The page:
Greenpeace: Tech giants neglecting environmental responsibility

Some of the world's biggest tech firms are failing to show ambition in their efforts to reduce the environmental impacts of their supply chains, according to Greenpeace, which claims the current model cannot be maintained.

Greenpeace USA research examines how 17 tech companies are performing in key sustainability areas such as emissions reductions, resource consumption and elimination of hazardous chemicals.

The Guide to Greener Electronics report gave 11 companies, including Samsung, Huawei and Amazon, a score rating in the D and F range. Nearly all of the companies are allegedly yet to address the growing carbon footprint in their supply chains, where up to 80% of carbon emissions over a device’s lifetime occurs during manufacturing. 

Most firms, such as Amazon and Google, lack transparency on their suppliers, Greenpeace claims. Amazon, which refuses to report the greenhouse gas (GHG) footprint of its own operations, is criticised for providing few details on its sourcing of recycled materials or restrictions on hazardous chemicals.

“Tech companies claim to be at the forefront of innovation, but their supply chains are stuck in the Industrial Age,” said Greenpeace USA senior IT campaigner Gary Cook. “We know they can change. Rather than fuelling climate change, these companies need to show the way forward, just as some companies like Google and Apple have with data centres run on renewables.”

e-waste mountain

The report highlights a lack of urgency in tackling global e-waste volumes, which are expected to surpass 65 million metric tonnes this year. Some progress has been made by brands such as Dell, which claims to be the largest recycler of e-waste in the world after introducing takeback schemes that allow customers to turn in obsolete electronics to when purchasing new technologies.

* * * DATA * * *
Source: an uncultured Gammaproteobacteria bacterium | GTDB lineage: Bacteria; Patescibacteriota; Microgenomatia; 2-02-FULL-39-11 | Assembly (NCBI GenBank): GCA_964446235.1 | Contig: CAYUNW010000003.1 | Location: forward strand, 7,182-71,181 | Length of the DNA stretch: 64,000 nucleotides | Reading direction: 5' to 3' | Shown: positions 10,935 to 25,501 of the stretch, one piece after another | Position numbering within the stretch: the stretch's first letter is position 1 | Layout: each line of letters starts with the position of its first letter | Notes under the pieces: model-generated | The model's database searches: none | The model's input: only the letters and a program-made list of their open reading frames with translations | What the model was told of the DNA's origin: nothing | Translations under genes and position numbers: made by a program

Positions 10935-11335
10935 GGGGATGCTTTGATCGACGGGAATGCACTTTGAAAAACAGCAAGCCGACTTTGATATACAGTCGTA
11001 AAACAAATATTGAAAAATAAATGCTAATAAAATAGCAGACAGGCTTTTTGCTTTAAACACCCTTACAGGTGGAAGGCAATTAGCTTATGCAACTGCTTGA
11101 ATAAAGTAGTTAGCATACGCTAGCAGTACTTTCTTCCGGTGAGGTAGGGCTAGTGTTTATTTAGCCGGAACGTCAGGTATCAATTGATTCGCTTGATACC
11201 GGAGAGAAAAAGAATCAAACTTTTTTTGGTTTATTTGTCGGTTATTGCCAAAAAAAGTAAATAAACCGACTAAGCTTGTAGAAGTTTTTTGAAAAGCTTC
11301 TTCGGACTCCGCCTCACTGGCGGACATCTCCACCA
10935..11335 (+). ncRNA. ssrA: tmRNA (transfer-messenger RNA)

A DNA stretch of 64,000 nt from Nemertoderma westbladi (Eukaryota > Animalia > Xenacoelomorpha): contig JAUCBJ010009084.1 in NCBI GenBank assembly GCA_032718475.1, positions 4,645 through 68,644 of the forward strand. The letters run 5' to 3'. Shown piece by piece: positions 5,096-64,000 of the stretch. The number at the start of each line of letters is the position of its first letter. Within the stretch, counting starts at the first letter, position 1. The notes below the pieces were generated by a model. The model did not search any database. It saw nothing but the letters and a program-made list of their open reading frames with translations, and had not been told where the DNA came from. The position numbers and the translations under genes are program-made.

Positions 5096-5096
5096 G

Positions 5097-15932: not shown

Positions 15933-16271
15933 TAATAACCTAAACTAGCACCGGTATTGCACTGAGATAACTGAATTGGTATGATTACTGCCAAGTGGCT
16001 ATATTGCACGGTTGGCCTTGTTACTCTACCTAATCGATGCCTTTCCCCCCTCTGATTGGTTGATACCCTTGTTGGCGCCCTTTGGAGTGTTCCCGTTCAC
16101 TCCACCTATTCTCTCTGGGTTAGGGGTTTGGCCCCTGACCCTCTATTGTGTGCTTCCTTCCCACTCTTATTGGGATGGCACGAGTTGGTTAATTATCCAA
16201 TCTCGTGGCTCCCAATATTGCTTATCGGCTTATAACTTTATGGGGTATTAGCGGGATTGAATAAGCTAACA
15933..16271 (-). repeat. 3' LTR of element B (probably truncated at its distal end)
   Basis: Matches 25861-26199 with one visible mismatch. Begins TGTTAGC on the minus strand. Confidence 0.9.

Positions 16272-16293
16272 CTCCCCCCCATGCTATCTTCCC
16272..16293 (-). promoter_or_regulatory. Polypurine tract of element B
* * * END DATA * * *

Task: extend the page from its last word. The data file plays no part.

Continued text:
However, there is little reporting on what is actually being reported or where it goes upon collection, Greenpeace insists. These conclusions echo previous findings from a global toxic trade watchdog which found that many tech firms refuse to inform the public where their toxic e-waste ends up.

The Basel Action Network (BAN) investigation claimed that firms including Dell remain “secretive about downstream destinations. It also revealed that many discarded electronic items are being exported to Asia for treatment, leading to unsafe labour and environmental conditions in the recipient countries.

The Greenpeace study insists that planned obsolescence is increasingly being adopted as a design feature, with many of the latest products from Apple, Microsoft and Samsung said to be difficult to repair or upgrade.

The report does note, however, that some tech firms have stepped up the use of secondary materials in their products. Apple has pledged to “go deeper” developing new closed-loop products by using only renewable resources or recycled materials that negate the need to mine materials, starting with tin and aluminium.

“It’s clear the impacts of the linear take-make-waste business model of device manufacturers extend beyond the concerns of e-waste,” said Cook. “We need to see greater ambition, more transparency, and follow through from companies to address the environmental impacts of their enormous supply chains. The current model cannot be maintained.”

George Ogleby 

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